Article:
Image credit NASA
Announced earlier this week, President Obama's new National Space Policy is focusing on pollution both here on Earth and the space surrounding it. The new policy hopes to see an international collaboration to hone in on monitoring climate change with satellites and cleaning up space debris, which is viewed as a threat to space exploration (to which some astronauts experiencing close calls can attest!).
Popular Science writes, "The biggest news is Obama's focus on international cooperation, a departure from his predecessor. Specifically, he wants countries to work together to clean up space junk, which the Pentagon has said is a threat. The 14-page document also explains how the U.S. will use space to study Earth, and how NASA will cede ground to the private sector, working with commercial firms to develop new modes of space transport."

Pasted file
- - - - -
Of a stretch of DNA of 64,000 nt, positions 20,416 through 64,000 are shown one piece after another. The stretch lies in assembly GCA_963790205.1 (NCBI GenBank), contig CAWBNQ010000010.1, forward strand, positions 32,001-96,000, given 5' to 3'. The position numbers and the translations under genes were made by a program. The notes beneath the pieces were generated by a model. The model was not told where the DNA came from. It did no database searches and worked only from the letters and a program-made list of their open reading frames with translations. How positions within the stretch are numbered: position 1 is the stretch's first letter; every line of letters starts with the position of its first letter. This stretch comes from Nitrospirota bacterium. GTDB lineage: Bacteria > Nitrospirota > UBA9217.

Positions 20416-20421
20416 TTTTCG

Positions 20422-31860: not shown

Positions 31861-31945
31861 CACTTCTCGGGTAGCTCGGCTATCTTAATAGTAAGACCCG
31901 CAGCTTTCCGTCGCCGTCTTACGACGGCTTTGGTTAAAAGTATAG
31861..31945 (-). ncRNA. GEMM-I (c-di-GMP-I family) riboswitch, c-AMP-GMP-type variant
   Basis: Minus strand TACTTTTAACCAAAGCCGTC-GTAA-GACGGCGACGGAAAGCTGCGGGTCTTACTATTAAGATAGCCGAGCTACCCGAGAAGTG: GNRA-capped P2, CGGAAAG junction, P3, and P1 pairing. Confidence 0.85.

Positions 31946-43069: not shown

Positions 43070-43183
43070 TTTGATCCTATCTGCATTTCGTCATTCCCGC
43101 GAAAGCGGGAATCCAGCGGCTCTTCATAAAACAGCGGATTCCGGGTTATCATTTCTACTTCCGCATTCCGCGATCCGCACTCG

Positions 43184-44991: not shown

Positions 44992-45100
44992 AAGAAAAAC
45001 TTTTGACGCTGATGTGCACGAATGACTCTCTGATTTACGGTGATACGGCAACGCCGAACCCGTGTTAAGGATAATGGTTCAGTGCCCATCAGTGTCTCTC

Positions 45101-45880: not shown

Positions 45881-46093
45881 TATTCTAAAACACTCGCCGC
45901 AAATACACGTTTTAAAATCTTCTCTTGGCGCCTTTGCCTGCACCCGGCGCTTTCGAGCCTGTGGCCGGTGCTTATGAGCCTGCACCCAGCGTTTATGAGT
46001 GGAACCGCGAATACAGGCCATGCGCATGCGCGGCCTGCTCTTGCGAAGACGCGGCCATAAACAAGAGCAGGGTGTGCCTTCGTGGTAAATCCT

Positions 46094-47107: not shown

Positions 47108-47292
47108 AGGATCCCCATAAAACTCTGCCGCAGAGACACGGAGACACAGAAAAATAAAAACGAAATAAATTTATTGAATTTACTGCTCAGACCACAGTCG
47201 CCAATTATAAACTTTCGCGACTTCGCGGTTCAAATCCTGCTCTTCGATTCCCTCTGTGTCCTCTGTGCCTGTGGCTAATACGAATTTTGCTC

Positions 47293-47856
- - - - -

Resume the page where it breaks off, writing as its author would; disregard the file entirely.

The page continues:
After the surprisingly gross images that came out in 2008 showing how much debris is floating around our planet, the problem of our orbits acting as a giant dump has become a well-known issue. The space debris causes some hair-raising close calls for satellites and spacecrafts, though just how to clean it up is still a conundrum. Some creative minds have been put to the task of dreaming up solutions, including wild ideas like launching water at the junk to knock it out of orbit, but the new space plan will hopefully focus on devising something more practical.
Also, NASA will expand climate research, including tasking satellites with documenting information on natural and human-caused climate change, land and water changes, and weather forecasting.
In all, the document lacks specifics, but at least these two important aspects of space research won't be ignored. Much.
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